“I used to get pink papers on my desk that said someone had called me; I get an average of 120 emails a day now,” he said. “You have to be responsive. That’s one of the hallmarks of my practice. I answer every email in the morning before I go to lunch and before I leave at night. That takes a lot of work. I used to put together an hour of thinking time, and now I just can’t do that — I have to do it on the fly.”

Krupin’s practice supports management-side labor relations, which includes collective bargaining negotiations, employer-union relations, contract administration, and defending NLRB organizing campaigns. He also advises on labor relations issues that affect the purchase and sale of businesses, and his clients include many international and domestic enterprises, especially in the hospitality industry, representing hotel entities including owners, developers and asset managers.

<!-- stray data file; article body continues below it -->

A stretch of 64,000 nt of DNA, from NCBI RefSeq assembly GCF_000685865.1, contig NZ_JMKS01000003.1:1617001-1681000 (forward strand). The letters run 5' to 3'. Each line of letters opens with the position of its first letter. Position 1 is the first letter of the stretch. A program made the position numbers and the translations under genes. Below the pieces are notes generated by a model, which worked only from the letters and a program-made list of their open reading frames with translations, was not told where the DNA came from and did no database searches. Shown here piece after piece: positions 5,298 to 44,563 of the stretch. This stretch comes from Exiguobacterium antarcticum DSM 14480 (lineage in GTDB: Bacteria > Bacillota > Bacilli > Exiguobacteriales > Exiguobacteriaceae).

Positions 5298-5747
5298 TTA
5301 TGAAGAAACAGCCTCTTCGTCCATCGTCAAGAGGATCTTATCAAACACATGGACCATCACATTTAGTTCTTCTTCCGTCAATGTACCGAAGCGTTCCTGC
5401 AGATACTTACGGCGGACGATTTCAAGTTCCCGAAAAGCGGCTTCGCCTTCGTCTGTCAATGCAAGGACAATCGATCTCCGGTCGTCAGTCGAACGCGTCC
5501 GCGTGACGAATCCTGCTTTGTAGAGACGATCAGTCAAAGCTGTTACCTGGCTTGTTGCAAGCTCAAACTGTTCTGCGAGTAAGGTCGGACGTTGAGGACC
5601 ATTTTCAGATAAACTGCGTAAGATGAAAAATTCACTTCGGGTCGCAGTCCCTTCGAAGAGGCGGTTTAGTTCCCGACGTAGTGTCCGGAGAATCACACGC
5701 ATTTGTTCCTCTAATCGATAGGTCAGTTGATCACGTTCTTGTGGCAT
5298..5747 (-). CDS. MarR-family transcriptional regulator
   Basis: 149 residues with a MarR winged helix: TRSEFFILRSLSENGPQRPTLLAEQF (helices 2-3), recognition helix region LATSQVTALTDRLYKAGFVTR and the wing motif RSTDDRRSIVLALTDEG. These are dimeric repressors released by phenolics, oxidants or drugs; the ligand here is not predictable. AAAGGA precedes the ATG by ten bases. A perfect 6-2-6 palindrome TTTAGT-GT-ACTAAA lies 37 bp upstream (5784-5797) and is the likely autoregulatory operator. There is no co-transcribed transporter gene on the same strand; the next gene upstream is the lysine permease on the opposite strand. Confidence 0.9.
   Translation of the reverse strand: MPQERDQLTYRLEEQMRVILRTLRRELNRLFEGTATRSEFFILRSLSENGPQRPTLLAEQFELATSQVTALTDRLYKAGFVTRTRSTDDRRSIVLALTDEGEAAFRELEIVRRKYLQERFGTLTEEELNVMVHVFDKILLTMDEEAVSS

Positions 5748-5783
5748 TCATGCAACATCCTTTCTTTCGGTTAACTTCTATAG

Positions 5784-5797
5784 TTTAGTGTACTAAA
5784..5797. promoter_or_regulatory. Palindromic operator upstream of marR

“Recently there’s been an influx in international companies that have been coming to the U.S. into the field,” he said. “They’re not as well-versed in the nuances of federal labor law, so that’s where we create a niche and value.” He estimates that about one-third of his business is comprised of clients from the U.K., Amsterdam, Hong Kong, and other countries. “It’s very rewarding to help them build their businesses in the U.S.

“I still think the U.S. offers opportunities more than any other place in the world,” he continued. “Every hotel company wants to be in New York, L.A., Chicago, Seattle — all those cities have strong union presences, so they need a management-side labor lawyer to help them deal with the issues in those environments.”